One is irresistibly tempted to compare the strange longings and nauseous qualms that enter into the complicated ecstasies accompanying the making of a young writer's first book with childbearing...
When in early September Van Veen left Manhattan for Lute, he was pregnant. (Ada, 1.43, End of Part One)
Part One of Flaubert's Madame Bovary ends in the sentence: "In March, when they went away from Tostes, Madame Bovary was pregnant."
In a letter to Ernest Feydeau Flaubert wrote: "Books are made not like children but like pyramids... and are just as useless!"
"Man fears time, but time fears the pyramids." (Arab proverb) The author of Texture of Time (Part Four of Ada), Van Veen went to Africa (as Flaubert did) to see the pyramids: He contemplated the pyramids of Ladorah (visited mainly because of its name) under a full moon that silvered the sands inlaid with pointed black shadows. (3.1)
Flaubert had no children, and Van, too, dies childless. But, on their deathbed, Van and Ada are compared to the parents of the book into which they intend to die: 'Quel livre, mon Dieu, mon Dieu,' Dr [Professor. Ed.] Lagosse exclaimed, weighing the master copy [of Ada or Ardor: A Family Chronicle] which the flat pale parents of the future Babes, in the brown-leaf Woods, a little book in the Ardis Hall nursery, could no longer prop up in the mysterious first picture: two people in one bed. (5.6)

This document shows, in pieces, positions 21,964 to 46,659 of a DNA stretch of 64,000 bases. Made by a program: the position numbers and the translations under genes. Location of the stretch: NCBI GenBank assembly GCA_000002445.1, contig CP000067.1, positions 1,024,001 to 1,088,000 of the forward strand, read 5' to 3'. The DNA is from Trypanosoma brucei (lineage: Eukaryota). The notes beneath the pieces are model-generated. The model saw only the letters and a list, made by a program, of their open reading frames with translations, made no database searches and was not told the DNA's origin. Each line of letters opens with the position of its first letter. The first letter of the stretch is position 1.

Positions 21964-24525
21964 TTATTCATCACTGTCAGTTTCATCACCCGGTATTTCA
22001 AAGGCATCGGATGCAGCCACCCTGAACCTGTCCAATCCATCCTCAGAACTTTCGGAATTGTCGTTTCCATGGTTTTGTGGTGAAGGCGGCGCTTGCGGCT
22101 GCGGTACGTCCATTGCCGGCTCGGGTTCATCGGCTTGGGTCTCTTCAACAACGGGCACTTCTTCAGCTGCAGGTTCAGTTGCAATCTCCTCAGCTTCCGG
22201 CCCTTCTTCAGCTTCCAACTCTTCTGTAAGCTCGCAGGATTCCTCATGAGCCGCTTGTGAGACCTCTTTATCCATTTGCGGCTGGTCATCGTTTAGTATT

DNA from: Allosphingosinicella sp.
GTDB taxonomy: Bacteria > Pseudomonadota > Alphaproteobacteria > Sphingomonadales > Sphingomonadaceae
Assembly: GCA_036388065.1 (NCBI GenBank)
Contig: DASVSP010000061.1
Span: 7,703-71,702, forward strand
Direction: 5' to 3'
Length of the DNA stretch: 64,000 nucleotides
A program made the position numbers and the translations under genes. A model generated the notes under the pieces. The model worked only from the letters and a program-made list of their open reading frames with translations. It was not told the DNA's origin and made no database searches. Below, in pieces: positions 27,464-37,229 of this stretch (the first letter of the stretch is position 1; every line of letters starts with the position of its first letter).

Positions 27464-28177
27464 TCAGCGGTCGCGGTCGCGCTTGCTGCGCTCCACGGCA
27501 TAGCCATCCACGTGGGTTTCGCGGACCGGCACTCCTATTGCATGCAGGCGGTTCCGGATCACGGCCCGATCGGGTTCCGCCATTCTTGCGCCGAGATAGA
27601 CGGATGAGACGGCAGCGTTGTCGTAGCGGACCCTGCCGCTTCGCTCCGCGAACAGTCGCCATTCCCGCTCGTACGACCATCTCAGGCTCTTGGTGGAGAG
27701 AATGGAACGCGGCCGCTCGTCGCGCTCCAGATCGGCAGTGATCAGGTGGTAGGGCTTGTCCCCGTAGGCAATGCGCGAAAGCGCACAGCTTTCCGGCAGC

In a letter of December 28, 1816, to his uncle Pushkin asks Vasiliy L'vovich to excuse the nine-month-long pregnancy of his epistolary pen:
Я не совсем ещё рассудок потерял
От рифм бахических, шатаясь на Пегасе.
Я не забыл себя, хоть рад, хотя не рад,
Нет, нет — вы мне совсем не брат,
Вы дядя мой и на Парнасе.
(nay, you are not my brother at all,
you are my uncle on Parnassus* as well.)
Итак, любезнейший из всех дядей-поэтов здешнего мира, можно ли мне надеяться, что Вы простите девятимесячную беременность пера ленивейшего из поэтов-племянников?
A pupil of the Lyceum, Pushkin wrote this letter in Tsarskoe Selo. In the Soviet era Tsarskoe Selo ("Czar's Village") was renamed first Detskoe Selo ("Children's Village") and then Pushkin. One is irresistibly tempted to compare "the brown-leaf Woods, a little book in the Ardis Hall nursery," and the Ardis Park (with its larch trees borrowed from Jane Austen's Mansfield Park) to the much sung parks of Tsarskoe Selo and Pushkin's estate Mikhailovskoe - but also to the magnificent parks of the Nabokovs's estates Vyra, Batovo and Rozhdestveno nostalgically described by VN in Mashen'ka (Mary) and Drugie Berega** (Speak, Memory).
*Monparnasse (sic) is the pen name of Mlle Larivière, Lucette's governess. In Madame Bovary Dr Larivière is Charles Bovary's more skilful colleague who fails to save Emma.
**Other Shores (the allusion to inye berega, the other shores mentioned by Pushkin in Vnov' ya posetil..., "Again I revisited...", 1835)
Alexey Sklyarenko
p. s. Only the second version of my post on the "Robinsons and the Cossack pony of Klass vodka" is valid. The first version should be deleted from your computers.
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